It was a particularly tragic victim of Adolf Hitler’s U-boat campaign.
Running low on fuel and separated from the comparative safety of a convoy, the SS Gairsoppa was making a desperate bid for a neutral harbour when it was sent to the bottom of the North Atlantic by a German torpedo.
Under machine gunfire, dozens of the ship’s 85 crew scrambled onto a small lifeboat then spent two weeks adrift, gradually dying off one by one.
Just one survivor, Second Officer Richard Ayres, made it to shore, 300 miles away. On board the doomed ship had been 2,800 bars of silver bullion, thought lost for ever.
Now, almost three quarters of a century on - following the recovery of the cargo by explorers and just as the bars are to be made into a collection of silver coins by the Royal Mint - the full story of the sinking of the SS Gairsoppa, and the tragic fate of its crew, can be told.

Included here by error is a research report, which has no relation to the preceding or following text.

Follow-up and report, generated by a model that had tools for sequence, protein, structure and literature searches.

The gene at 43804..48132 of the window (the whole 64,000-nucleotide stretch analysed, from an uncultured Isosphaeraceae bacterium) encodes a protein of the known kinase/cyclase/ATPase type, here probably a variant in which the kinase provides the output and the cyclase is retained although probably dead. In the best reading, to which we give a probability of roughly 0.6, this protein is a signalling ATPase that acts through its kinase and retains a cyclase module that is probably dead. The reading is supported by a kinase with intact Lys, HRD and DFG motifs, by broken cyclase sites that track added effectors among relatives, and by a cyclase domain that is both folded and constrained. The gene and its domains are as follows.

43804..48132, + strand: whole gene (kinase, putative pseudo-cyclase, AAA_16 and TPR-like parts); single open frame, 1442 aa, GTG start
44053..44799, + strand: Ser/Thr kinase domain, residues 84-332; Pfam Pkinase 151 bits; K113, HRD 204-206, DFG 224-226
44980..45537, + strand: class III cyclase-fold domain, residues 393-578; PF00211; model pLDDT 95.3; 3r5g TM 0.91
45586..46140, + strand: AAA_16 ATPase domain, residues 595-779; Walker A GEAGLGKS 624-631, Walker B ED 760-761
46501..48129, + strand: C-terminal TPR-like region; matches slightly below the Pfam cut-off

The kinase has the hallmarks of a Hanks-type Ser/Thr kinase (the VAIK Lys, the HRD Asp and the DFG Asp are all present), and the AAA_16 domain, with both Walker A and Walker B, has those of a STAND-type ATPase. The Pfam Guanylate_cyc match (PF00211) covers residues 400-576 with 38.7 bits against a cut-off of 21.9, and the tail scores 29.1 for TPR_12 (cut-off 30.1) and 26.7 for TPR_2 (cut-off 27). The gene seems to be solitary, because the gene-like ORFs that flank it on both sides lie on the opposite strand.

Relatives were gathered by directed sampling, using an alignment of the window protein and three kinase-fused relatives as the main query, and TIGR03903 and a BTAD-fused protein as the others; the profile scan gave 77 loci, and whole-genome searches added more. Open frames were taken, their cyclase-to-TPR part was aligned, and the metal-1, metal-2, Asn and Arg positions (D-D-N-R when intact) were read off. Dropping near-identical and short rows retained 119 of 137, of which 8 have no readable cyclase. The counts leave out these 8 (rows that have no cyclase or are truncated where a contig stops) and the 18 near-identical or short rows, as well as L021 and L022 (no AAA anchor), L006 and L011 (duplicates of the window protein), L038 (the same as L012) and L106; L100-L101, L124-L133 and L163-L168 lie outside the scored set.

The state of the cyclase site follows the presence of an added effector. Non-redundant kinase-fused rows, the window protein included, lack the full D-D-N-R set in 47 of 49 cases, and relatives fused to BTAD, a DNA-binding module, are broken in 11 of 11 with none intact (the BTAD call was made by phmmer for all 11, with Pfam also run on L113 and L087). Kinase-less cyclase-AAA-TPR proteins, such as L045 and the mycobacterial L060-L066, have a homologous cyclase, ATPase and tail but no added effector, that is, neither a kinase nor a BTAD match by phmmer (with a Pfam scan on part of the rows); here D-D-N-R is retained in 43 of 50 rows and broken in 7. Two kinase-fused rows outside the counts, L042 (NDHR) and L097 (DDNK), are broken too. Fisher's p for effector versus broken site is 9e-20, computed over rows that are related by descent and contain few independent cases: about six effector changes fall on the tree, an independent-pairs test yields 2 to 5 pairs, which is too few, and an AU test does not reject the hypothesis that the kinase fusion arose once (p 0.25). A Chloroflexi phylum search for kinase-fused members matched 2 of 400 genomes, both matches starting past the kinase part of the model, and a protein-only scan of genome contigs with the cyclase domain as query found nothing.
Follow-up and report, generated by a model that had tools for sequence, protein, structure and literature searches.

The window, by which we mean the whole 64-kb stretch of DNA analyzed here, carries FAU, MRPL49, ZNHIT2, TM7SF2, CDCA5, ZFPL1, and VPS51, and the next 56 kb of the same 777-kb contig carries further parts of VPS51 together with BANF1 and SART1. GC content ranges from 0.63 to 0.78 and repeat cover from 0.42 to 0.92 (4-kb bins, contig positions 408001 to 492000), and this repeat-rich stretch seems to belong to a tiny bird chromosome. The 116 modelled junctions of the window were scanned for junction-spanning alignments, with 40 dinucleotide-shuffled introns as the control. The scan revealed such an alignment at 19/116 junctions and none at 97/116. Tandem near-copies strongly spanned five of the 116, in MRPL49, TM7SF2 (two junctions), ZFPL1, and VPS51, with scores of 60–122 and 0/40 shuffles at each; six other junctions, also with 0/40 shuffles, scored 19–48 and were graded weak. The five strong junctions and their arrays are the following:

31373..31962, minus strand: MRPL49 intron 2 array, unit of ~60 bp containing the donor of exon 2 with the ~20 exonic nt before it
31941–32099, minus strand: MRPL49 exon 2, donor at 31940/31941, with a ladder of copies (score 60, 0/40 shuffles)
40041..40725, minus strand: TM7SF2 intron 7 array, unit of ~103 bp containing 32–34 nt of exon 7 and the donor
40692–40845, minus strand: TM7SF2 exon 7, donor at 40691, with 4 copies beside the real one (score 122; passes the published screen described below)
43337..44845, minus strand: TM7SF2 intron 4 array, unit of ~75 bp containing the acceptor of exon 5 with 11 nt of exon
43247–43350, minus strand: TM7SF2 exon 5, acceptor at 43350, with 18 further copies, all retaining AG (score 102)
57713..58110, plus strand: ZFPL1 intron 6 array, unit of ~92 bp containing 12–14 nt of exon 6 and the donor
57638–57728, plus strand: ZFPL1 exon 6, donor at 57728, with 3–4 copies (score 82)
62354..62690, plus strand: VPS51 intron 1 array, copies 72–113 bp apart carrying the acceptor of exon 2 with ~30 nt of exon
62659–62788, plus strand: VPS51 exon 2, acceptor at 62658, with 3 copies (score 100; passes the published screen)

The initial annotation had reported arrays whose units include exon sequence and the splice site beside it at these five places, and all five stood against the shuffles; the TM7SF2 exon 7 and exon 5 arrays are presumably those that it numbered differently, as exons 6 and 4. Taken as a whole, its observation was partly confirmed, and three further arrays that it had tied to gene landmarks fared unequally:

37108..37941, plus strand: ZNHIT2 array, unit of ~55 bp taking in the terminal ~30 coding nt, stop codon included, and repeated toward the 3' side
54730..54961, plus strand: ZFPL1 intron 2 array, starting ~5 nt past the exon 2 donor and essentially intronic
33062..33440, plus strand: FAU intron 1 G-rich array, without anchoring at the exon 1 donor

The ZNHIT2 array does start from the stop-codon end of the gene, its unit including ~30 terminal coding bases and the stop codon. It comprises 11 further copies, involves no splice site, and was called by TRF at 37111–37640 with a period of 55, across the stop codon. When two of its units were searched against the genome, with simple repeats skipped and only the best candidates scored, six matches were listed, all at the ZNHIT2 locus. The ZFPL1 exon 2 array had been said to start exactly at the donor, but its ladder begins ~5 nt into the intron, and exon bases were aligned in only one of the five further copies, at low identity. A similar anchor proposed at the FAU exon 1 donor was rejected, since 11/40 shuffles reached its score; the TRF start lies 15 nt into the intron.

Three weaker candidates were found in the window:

The bullion was put on board the steamer in Calcutta in December 1940 for shipment to Britain, then standing alone in the war against Germany, to help to pay for the war effort.
As well as the metal, the boat was fully laden with iron and tea – a load of almost 7,000 tons – and struggled to reach its nominal top speed of ten knots.
It steamed around Africa to Freetown, Sierra Leone, where, in January, it joined Convoy SL64 for the perilous voyage across submarine-infested waters to Liverpool.
Then two misfortunes stuck. Heavy storms forced the captain, Gerald Hyland, to burn extra coal to keep up with the convoy.
Fearing he would not have enough fuel to reach Liverpool, he was forced to split off and head for Galway, on Ireland’s west coast.
But two days after setting off alone, the crew spotted a German long-range reconnaissance plane, a Focke-Wulf Condor circling above them, and their fate was sealed.